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(Photo courtesy of Little Tong Noodle Shop.)
New York City's Little Tong Noodle Shop is celebrating Lunar New Year with slew of specials, like this Wagyu Mixian.

Happy Lunar New Year! Friday marks the beginning of the Year of the Dog and a full 15 days of celebration! Though the holiday is commonly referred to as Chinese New Year, it’s not only celebrated by the Chinese, but also by Vietnamese, Singaporean and Laotian people. It’s a time to regroup with family and friends, wish everyone luck and success in the year and eat tons of food.

According to the lunar calendar, which follows moon patterns and changes every year, the new year falls on February 16. Red envelopes filled with money will be gifted, longevity noodles will be slurped and firecrackers will be set off to ward off bad spirits. As such a food-centric holiday, we checked in with some chefs and asked how they’re celebrating the Lunar New Year.

(Photo courtesy of Little Tong Noodle Shop.)
(Photo courtesy of Little Tong Noodle Shop.)Simone Tong

Simone Tong, Little Tong Noodle Shop

Hailing from Chengdu, Sichuan and having lived in Singapore, Macau and Hong Kong, Simone Tong has celebrated many iterations of the holiday. While she’s seen varying traditions of giving and receiving red envelopes, gifting mandarin oranges and cooking dinner versus going out, Tong says it always comes down to food.

“It’s the same thing every day, we eat a lot,” she says. “We get sick of it at the end, but sure as hell we eat a lot during.”

When she worked at the famed wd~50, Tong says that she would amp up the spirit within the kitchens and got all her colleagues to help her celebrate.

“I made it a point to make sure everybody knew what day Chinese New Year is,” she says. “They’re all non-Chinese but we’re all family. So, everyday, I’ll say something like ‘Let’s celebrate Chinese New Year number seven!’ We just drank and ate a lot of Chinese food for 15 days for family meal.”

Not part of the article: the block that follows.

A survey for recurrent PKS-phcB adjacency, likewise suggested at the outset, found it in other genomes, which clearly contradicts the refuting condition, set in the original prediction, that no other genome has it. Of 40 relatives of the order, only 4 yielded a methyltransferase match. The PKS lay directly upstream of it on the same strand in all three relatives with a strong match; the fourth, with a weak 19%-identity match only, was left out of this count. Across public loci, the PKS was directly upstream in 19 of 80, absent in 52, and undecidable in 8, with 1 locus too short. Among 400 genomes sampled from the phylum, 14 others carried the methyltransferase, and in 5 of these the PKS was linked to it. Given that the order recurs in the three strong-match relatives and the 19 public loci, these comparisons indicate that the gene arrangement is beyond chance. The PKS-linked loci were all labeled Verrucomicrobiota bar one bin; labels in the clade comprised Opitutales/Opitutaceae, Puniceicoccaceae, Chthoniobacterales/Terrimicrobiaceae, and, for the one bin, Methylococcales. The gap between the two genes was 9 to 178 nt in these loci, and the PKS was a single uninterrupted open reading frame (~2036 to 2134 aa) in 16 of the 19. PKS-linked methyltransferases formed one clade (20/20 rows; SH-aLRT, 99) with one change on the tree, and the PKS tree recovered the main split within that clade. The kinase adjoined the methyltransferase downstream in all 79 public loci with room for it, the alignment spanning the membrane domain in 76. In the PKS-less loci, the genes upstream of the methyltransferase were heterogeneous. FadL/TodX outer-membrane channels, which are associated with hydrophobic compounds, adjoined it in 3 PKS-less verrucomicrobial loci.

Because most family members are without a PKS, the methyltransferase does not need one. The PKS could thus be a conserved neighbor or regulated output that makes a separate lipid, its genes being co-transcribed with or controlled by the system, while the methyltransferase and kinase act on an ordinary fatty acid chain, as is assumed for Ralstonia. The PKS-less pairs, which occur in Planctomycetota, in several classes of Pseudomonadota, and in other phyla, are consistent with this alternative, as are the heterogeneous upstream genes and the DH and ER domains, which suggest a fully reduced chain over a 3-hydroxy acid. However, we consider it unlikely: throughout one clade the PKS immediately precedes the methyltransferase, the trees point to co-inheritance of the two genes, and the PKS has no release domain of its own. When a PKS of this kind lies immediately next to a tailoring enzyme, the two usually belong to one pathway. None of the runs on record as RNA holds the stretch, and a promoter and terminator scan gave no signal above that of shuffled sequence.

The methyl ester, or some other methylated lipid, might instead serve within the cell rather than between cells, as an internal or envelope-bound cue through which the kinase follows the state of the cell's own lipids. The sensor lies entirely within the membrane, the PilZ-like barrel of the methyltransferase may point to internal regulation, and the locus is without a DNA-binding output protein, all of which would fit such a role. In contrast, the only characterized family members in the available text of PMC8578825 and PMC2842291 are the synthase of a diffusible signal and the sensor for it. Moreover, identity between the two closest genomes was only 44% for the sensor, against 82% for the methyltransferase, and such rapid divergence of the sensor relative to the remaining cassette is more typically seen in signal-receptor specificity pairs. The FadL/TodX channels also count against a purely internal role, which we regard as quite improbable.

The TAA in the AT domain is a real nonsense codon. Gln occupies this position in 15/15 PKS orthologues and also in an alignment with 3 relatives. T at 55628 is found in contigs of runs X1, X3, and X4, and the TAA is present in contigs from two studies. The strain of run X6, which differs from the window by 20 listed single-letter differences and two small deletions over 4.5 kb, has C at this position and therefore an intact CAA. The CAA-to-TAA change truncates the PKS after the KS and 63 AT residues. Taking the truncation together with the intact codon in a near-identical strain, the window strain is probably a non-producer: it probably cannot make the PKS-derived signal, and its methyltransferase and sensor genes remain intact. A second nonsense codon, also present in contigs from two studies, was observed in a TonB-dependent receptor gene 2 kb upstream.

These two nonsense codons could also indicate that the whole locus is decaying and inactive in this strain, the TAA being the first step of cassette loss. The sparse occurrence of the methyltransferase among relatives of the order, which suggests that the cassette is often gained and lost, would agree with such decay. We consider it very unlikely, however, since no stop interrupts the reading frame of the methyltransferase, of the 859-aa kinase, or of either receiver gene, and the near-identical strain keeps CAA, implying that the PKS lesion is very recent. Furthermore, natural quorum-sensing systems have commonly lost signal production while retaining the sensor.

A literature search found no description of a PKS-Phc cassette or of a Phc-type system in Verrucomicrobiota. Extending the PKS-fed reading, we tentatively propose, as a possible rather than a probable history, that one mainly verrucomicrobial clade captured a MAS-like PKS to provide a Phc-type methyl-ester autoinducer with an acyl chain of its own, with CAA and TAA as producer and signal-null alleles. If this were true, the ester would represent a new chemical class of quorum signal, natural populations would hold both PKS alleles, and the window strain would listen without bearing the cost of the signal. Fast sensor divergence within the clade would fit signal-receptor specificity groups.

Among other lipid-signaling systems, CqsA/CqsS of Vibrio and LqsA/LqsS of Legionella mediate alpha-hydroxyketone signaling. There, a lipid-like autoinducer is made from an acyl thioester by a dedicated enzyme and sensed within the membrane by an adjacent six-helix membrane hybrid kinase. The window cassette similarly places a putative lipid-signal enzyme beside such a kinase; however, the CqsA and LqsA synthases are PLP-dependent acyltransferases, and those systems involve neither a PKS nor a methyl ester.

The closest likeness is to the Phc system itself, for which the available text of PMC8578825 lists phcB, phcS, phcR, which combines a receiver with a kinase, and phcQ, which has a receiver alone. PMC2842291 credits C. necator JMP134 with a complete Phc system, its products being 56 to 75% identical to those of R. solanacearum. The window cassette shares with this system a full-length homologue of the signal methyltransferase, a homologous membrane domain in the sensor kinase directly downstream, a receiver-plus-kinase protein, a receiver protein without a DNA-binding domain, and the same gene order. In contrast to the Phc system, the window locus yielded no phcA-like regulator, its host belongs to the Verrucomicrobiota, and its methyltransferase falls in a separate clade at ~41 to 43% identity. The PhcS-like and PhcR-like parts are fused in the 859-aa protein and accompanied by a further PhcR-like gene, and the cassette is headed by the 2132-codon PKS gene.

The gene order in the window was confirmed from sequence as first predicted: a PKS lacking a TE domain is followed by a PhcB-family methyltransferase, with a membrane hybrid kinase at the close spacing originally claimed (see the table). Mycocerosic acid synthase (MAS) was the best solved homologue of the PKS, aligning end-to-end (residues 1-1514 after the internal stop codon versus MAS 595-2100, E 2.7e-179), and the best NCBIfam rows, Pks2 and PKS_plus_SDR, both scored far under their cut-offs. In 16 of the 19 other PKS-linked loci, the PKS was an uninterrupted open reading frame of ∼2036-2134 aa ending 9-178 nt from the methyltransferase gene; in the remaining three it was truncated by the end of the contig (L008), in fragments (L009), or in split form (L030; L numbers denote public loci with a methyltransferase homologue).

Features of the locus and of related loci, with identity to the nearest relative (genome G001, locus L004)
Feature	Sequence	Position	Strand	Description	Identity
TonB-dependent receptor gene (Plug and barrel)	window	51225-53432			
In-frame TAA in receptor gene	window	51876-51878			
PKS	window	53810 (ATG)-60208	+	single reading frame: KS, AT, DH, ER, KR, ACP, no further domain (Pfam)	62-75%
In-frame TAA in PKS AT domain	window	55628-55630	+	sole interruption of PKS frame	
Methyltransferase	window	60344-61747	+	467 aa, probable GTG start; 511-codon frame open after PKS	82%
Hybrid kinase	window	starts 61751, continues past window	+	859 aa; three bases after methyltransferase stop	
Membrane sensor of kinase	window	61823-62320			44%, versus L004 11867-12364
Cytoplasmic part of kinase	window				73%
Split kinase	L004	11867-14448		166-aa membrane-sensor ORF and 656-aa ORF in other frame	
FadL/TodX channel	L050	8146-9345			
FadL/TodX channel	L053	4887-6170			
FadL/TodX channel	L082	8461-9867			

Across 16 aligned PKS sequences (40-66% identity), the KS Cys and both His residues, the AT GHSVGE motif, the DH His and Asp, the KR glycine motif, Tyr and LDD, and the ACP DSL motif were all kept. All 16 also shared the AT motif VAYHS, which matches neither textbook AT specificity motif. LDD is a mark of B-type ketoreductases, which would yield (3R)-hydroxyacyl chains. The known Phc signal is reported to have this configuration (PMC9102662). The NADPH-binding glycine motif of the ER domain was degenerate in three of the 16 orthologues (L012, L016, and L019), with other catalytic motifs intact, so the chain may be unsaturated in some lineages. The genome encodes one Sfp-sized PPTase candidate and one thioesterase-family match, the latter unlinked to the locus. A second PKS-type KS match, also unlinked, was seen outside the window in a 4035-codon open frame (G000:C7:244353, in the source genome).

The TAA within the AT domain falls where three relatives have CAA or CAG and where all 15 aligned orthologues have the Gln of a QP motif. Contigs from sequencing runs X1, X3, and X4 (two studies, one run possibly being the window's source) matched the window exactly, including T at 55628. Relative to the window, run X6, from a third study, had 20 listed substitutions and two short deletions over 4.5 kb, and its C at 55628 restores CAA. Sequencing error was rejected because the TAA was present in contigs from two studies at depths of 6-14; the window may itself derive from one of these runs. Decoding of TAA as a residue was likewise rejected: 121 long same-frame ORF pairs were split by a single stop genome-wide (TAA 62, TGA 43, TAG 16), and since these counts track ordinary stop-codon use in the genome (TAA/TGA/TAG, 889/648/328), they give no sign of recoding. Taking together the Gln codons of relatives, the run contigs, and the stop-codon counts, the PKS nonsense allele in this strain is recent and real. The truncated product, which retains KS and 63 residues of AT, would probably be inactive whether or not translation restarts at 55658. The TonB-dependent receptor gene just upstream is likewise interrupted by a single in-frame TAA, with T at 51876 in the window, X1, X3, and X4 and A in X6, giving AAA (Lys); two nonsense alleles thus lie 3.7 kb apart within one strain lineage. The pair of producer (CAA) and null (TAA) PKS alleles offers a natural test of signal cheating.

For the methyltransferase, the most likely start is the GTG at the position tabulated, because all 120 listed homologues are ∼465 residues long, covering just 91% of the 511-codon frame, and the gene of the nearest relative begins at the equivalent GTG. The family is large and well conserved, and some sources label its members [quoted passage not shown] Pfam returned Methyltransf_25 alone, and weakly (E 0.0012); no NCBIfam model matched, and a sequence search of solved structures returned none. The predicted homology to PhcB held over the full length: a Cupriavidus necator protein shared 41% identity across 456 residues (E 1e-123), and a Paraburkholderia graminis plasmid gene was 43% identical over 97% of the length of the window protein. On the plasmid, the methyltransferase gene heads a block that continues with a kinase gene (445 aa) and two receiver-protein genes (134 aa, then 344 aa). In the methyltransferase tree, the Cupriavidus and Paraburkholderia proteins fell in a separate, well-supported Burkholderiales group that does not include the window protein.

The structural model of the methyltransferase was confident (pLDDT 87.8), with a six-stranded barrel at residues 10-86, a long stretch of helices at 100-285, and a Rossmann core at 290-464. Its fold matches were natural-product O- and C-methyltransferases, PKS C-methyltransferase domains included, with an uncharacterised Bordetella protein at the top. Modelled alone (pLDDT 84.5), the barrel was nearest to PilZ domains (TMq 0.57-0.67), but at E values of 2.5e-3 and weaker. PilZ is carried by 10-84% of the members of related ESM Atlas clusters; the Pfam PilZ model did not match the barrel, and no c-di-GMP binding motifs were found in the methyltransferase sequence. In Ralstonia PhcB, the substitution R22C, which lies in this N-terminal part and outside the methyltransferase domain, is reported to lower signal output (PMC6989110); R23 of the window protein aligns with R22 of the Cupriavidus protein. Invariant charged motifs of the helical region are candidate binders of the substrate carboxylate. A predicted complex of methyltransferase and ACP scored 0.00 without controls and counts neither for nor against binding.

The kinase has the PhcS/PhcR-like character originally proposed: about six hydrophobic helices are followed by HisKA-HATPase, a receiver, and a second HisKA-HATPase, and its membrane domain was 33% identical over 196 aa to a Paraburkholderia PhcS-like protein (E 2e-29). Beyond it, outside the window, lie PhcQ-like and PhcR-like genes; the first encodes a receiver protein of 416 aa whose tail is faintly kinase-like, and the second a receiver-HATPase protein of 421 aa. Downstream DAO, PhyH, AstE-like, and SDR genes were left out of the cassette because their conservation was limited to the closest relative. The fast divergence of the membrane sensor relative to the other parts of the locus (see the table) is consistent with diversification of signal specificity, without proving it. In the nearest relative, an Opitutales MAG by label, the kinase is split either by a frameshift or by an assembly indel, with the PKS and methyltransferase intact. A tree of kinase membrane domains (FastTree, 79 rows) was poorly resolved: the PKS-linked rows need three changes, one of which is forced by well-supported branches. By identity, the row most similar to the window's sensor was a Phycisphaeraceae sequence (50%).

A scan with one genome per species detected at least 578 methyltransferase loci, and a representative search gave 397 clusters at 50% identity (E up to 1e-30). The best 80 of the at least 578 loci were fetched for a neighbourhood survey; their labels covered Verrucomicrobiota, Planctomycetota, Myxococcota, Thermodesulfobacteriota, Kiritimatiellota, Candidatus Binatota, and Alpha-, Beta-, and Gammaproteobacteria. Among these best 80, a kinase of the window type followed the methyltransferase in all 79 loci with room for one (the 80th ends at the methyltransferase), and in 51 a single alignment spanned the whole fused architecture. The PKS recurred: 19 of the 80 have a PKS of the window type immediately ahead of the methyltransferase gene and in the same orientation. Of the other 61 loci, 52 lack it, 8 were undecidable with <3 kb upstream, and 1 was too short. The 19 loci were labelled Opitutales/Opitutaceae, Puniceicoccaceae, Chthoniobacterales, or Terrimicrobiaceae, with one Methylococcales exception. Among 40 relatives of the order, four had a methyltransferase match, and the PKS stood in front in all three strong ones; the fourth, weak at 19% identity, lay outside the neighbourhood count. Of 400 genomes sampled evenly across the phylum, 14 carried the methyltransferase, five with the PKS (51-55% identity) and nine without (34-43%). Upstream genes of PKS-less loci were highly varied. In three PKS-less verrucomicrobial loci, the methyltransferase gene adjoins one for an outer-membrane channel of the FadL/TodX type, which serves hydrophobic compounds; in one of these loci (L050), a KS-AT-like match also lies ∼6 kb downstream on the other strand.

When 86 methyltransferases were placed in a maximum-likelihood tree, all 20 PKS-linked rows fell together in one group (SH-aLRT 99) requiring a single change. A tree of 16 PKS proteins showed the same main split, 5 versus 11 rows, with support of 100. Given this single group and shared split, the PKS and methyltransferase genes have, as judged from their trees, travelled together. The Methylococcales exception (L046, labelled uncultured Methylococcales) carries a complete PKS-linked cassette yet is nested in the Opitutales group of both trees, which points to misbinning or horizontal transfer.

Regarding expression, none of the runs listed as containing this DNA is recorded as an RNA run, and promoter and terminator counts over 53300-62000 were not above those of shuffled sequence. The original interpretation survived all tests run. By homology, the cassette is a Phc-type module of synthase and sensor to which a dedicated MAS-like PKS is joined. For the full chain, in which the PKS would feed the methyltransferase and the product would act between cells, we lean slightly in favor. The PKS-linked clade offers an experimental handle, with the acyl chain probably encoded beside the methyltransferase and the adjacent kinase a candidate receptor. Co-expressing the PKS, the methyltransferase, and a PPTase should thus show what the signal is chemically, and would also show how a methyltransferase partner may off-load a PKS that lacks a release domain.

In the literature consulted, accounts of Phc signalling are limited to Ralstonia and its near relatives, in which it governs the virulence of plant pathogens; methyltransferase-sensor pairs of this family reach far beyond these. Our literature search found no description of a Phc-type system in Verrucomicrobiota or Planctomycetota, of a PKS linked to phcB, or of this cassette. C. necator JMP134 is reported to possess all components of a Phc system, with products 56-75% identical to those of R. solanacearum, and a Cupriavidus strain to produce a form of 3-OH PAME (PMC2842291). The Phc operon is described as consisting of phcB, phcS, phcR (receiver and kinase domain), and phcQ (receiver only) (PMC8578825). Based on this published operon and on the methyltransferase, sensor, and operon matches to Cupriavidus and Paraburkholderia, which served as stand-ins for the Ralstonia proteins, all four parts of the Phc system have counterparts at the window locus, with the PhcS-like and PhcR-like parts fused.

This year, Tong is going all out and serving specials every day for the 15-day holiday at Little Tong (with a bonus day on Lunar New Year’s Eve). Each day is dedicated to honoring something different such as pigs, cows, dogs, millet, jade and more—and she’s making sure to have plenty of fun with it. For instance, she’s working on a savory Chinese carrot cake to in honor of the horse on the sixth day, February 21.

“[Horses] eat carrots and grass, so we’re doing a carrot cake because I’m not going to butcher a horse,” she laughs before wondering if she’d even be allowed to serve that in New York.

She’s also showcasing regional dishes like gou bu li baozi—adapted into dumplings—from Tianjin, qingtuan—a green steamed and stuffed sticky rice bun—from Shanghai and lao yu sheng—a raw fish salad tossed by everyone at the table to represent prosperity—from Singapore.

(Photo: Hanoi House/Facebook.)
(Photo: Hanoi House/Facebook.)John Nguyen (center)

John Nguyen, Hanoi House

Têt, as the New Year is called in Vietnamese, is celebrated similarly with red envelopes. However, instead of dining on noodles and dumplings, chef John Nguyen of Hanoi House in New York tells us that families typically dish out 15 to 20 small plates of simple, homemade food.

Nguyen, who grew up in southern California, worked in Chengdu for a year before making the move to New York.